October 12, 2015

The Nearly Unanimous Sentiment Is Fear

London SE1 reports from the UK. “Neo Bankside was a joint venture between developers Grosvenor and Native Land. The scheme’s four hexagonal towers were designed by Rogers Stirk Harbour and Partners. The penthouse at the top of pavilion B went on sale 18 months ago with an asking price of £22.5 million. The price tag soon dropped below £20 million and was until recently at the £17.75 million mark. This week the same penthouse has been advertised for sale at £15 million, a one-third reduction on the original price.”

“Research by Private Eye magazine into UK property acquired by foreign businesses shows that 44 of the 217 homes at Neo Bankside are registered to offshore companies. 36 flats are owned by firms registered in the British Virgin Islands and 4 to Singaporean companies. Others are owned by companies in the Netherlands, Panama, Malta and Hong Kong.”

From ABC News. “The former head of Australia’s anti-money laundering agency has called for tough new rules to force solicitors and real estate agents to report suspicious transactions and prevent Australia from becoming a safe haven for foreign corrupt funds. Despite highly credible warnings that large volumes of illicit money leaving China were being laundered in Australia, a Four Corners investigation found no Australian agency was charged with identifying the true source of foreign funds being invested into the economy.”

“Head of Washington DC-based Global Financial Integrity Raymond Baker said many governments did not want to ask the questions and simply wanted the money to flow in. ‘Well, I’m sorry, you do that and you expose yourself to a great many risks, not only in your own country, but you’re also damaging the countries out of which that money is coming,’ Mr Baker said.”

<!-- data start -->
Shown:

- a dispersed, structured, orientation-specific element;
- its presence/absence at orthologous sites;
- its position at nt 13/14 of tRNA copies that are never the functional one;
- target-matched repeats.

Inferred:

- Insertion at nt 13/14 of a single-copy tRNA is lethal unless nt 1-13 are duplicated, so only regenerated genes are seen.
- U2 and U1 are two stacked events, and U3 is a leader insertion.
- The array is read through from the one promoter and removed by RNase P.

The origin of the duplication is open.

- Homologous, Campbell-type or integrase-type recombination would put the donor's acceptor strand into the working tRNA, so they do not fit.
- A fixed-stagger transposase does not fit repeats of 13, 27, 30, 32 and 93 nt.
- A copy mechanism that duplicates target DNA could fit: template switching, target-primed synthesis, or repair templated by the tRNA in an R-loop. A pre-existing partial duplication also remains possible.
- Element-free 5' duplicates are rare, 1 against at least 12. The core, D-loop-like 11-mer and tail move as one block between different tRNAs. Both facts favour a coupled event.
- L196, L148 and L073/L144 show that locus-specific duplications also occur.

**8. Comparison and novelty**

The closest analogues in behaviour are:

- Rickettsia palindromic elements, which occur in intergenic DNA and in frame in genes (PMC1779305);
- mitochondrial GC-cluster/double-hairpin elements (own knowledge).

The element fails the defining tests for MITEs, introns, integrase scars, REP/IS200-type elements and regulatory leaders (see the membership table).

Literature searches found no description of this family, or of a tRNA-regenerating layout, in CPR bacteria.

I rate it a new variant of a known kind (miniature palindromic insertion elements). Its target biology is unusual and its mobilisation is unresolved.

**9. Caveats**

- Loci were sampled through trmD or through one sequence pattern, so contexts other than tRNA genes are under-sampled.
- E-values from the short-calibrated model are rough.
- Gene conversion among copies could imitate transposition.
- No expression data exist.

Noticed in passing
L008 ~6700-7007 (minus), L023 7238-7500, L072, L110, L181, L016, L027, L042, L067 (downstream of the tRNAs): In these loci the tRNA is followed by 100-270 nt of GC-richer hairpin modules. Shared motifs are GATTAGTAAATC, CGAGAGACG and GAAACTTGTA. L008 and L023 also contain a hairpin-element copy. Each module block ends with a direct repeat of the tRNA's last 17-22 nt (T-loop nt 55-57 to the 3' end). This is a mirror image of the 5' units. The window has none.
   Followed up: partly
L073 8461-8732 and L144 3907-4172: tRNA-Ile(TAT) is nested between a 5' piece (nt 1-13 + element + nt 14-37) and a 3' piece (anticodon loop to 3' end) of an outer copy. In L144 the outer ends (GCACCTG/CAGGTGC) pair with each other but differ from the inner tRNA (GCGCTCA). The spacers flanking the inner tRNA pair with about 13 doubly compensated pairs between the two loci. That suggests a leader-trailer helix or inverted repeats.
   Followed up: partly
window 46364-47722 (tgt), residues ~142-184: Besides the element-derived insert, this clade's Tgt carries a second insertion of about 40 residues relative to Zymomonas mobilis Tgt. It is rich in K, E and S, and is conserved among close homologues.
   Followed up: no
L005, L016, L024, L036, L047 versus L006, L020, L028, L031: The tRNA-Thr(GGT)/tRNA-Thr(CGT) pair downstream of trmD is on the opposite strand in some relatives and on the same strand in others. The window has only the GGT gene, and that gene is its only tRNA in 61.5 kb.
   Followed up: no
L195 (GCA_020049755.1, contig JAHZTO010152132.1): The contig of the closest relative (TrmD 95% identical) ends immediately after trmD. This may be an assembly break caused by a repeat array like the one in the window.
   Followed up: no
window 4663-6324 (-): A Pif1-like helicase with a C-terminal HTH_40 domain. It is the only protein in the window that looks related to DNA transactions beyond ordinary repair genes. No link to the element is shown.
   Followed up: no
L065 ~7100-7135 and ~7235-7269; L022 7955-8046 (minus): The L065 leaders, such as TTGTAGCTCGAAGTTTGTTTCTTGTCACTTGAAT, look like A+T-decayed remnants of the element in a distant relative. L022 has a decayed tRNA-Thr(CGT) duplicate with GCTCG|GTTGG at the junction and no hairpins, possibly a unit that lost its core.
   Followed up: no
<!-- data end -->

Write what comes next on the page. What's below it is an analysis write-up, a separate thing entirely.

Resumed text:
“As a FIRB board member of 10 years and former Tasmanian Liberal MP, Chris Miles said the organisation needed a more investigative approach, particularly with regard to the reach of the Chinese government. ‘I think you have to be cautious of the state-owned companies,’ Mr Miles said. ‘There was one operation I was involved with [while on the board of FIRB], the information there was that the company involved was totally independent … but in actual fact the information didn’t come back through the commercial side of the company, it came back through the foreign affairs side of the country … basically through the embassy, and that’s a concern for us.’”

The Australian Financial Review. “Demand from Chinese investors for loans to invest in Australia property is proving more than some lenders can handle. Firstmac, an Australian-owned financial services group managing about $7 billion of mortgages, has put the brakes on loan applications from mainland Chinese investors. A letter sent to its network of 100 brokers warns that to ‘decrease the risk of investors from China becoming over-represented in our lending portfolio we will temporarily halt non-residential transactions.’”

“In his letter, James Austin, chief financial officer, said the lender was worried investors in its securitised mortgage portfolios might become concerned about over-concentration of loans to overseas Chinese investors. Mr Austin said it also feared breaching a regulatory 10 per cent ’speed limit’ on the growth of mortgage portfolios. ‘To keep the confidence of our backers, we cannot have concentration of applications from any one area,’ Mr Austin said.”

“It follows earlier moves by Westpac Group to also clamp down on lending to overseas property investors from buying residential property in popular suburbs.”